The problem is that the ditch companies have no long-term future, and serve only to drag down the industry's financial performance as well as its ability to serve customers efficiently and with reasonable service standards. Ditch companies incur costs that are comparable to those incurred by the big three. In the airline industry, these costs include operating multiple hubs with numerous gates, maintaining a fleet that includes several different types of aircraft, offering three classes of service, establishing expensive clubs at major airports, running national marketing campaigns, and sustaining hybrid distribution systems that include travel agents, corporate sales, Internet sales, and consolidators. But ditch companies lack the market share over which to spread those costs; US Airways's cost per passenger mile is 40% higher than that of the big three.

Ditch companies thus operate with very low or negative margins. The first strategy of desperate CEOs in these circumstances is to cut costs. The brunt of this cost-cutting is felt by consumers, who soon respond by deserting the airline, leading to further deterioration in financial performance. This downward spiral leads inevitably to one destination -- Chapter 11. Indeed, ditch companies in the airline industry have sought bankruptcy protection numerous times over the past two decades.

The airline industry needs to evolve from one that includes a number of sub-monopolies -- markets (such as Denver) in which a single airline (in Denver's case, United) controls the lion's share of traffic -- to one that features true head-to-head competition between major carriers in all major markets. In other words, the thrust of regulatory efforts should be to promote vigorous market-by-market competition, rather than set arbitrary limits on overall industry concentration. The best way to accomplish this is to enable the emergence of three truly national players, and ensure that they compete directly as often as possible.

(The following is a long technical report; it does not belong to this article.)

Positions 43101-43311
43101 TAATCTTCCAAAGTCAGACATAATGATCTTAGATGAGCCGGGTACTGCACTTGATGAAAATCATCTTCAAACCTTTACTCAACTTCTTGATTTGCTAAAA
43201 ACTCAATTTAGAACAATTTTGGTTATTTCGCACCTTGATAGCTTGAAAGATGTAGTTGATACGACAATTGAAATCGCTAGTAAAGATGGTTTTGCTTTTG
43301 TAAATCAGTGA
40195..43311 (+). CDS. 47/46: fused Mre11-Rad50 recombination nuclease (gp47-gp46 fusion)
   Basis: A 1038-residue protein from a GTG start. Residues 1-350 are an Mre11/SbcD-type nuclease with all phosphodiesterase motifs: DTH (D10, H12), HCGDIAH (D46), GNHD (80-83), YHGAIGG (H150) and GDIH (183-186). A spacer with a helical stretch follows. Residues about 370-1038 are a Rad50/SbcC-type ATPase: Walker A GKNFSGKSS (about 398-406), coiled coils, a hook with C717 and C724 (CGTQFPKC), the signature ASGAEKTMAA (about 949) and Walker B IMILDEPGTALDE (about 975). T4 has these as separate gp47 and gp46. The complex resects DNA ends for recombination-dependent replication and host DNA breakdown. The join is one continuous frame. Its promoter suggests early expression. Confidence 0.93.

We have studied hundreds of industries as part of the research for our forthcoming book, "The Rule of Three." We found that in industries allowed to evolve through competitive market forces, the three biggest companies collectively control 70%-90% of the market, with the balance comprised of product or market specialists. We further found that this structure provides the highest level of operating efficiency along with a reasonable amount of choice for customers.

The airline industry needs to move as rapidly as possible toward this structure by allowing the big three to merge with ditch players, as American has done with TWA. This becomes especially imperative as the airline industry globalizes over the next several years; carriers that have consolidated their position in their domestic markets will be far better positioned to emerge as leaders.

In most industries, ditch companies soon exit that uncomfortable domain, usually by merging with one of the larger companies. In the airline industry, unfortunately, this exit route has been effectively sealed off. The only alternative for ditch airlines will be to shrink into specialty markets. US Airways will likely be forced to retreat to its roots as an "Eastern seaboard" specialist. This will keep the airline industry in its present unsatisfactory state -- too many sub-monopolies, not enough head-to-head competition.